Annealing Process – Cold Rolled Steel Sheet
Annealing process. The furnaces use pure hydrogen gas to carry heat from the inner shell to the steel, preventing oxidation and cleaning the steel by volatizing any oil and sweeping away the iron fines left by the 5-stand. The primary function of the annealing process, however, is to heat the steel to a temperature that will restore formability to the stiff, elongated iron crystals, or grains, formed during cold-reduction.
Steel that has been deformed at room temperature, or cold-worked, retains a large amount of potential energy in the form of internal stress between the individual atoms. Further forming of the steel will require much greater forces than was required prior to cold reduction, and is more likely to cross the threshold at which the atomic bonds are broken and the steel cracks. By heating the steel, the atoms are given enough energy to migrate within the crystal structure, with higher temperatures hastening the process. Specifying the temperature to which the steel is heated controls the configuration of the crystals, and consequently the forming properties of the final product.
Metallurgists refer to three different stages in the annealing process: stress-relief, recrystallization, and grain growth.
During stress-relief, the first stage reached at around 900 degrees Fahrenheit, the atoms move only small distances, pushed and pulled by surrounding atoms into a configuration in which the internal stresses are reduced but the boundaries between crystals remain unchanged. Halting the heat treatment after this stage retains most of the strength of the Full Hard product, but allows for greater formability. This strategy is called a stress-relief anneal or sunshine anneal, the latter a facetious suggestion that the relatively low temperatures might be achieved by setting the coil outside on a hot summer day.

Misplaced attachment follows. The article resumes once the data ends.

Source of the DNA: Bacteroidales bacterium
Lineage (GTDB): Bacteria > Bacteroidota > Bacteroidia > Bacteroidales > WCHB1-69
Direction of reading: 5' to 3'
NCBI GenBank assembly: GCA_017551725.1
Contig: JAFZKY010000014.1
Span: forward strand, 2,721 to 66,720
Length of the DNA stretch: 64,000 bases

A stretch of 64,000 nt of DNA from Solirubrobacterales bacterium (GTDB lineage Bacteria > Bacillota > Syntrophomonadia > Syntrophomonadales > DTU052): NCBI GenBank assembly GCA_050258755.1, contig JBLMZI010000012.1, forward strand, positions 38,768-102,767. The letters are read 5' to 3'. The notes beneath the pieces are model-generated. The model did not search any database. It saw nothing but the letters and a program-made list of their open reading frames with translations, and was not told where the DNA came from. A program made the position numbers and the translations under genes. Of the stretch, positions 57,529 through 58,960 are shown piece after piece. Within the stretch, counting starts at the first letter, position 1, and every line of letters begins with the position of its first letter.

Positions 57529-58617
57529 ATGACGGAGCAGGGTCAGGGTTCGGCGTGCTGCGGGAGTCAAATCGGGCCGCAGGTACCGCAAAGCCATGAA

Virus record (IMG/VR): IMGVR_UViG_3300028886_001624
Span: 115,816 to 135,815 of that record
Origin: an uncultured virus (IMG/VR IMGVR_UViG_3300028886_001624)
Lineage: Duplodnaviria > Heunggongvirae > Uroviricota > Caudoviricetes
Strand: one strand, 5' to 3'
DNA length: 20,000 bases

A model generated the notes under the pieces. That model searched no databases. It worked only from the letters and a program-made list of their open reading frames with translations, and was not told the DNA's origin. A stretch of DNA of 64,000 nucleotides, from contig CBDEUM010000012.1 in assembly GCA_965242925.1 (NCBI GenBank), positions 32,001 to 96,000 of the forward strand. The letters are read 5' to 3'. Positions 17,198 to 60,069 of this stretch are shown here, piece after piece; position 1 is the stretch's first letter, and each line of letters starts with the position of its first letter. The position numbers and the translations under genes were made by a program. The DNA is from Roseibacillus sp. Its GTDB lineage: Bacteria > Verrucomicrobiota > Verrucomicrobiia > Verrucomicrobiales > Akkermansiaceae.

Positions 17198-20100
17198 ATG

Depending to some extent on the grade of steel and amount of cold-work performed on it, at around 1000 degrees Fahrenheit new crystals begin to form at the boundaries of the original, rolled grains. These crystals grow roughly into spheres, realigning atoms from the cold-worked grains until their boundaries meet up with those of other newly formed grains. Once the cold-worked grains have been consumed, the steel is fully recrystallized. At the completion of this phase the grains are very small, little more than a ten-thousandth of an inch across, and make for steel that is still stiffer than many applications call for.
After the steel has recrystallized, it continues to soften as the grains consume other newly formed crystals in the stage known as grain growth. The strategy for annealing the vast majority cold-rolled sheet involves growing grains to a certain size: crystals that are in the neighborhood of a thousandth of an inch across provides the most popular combination of strength and formability. A common strategy for Drawing Quality steel involves manipulating impurities to allow the crystals to grow in only two directions, resulting in a coarse, ‘pancake’ grain structure that draws uniformly without stretching or tearing.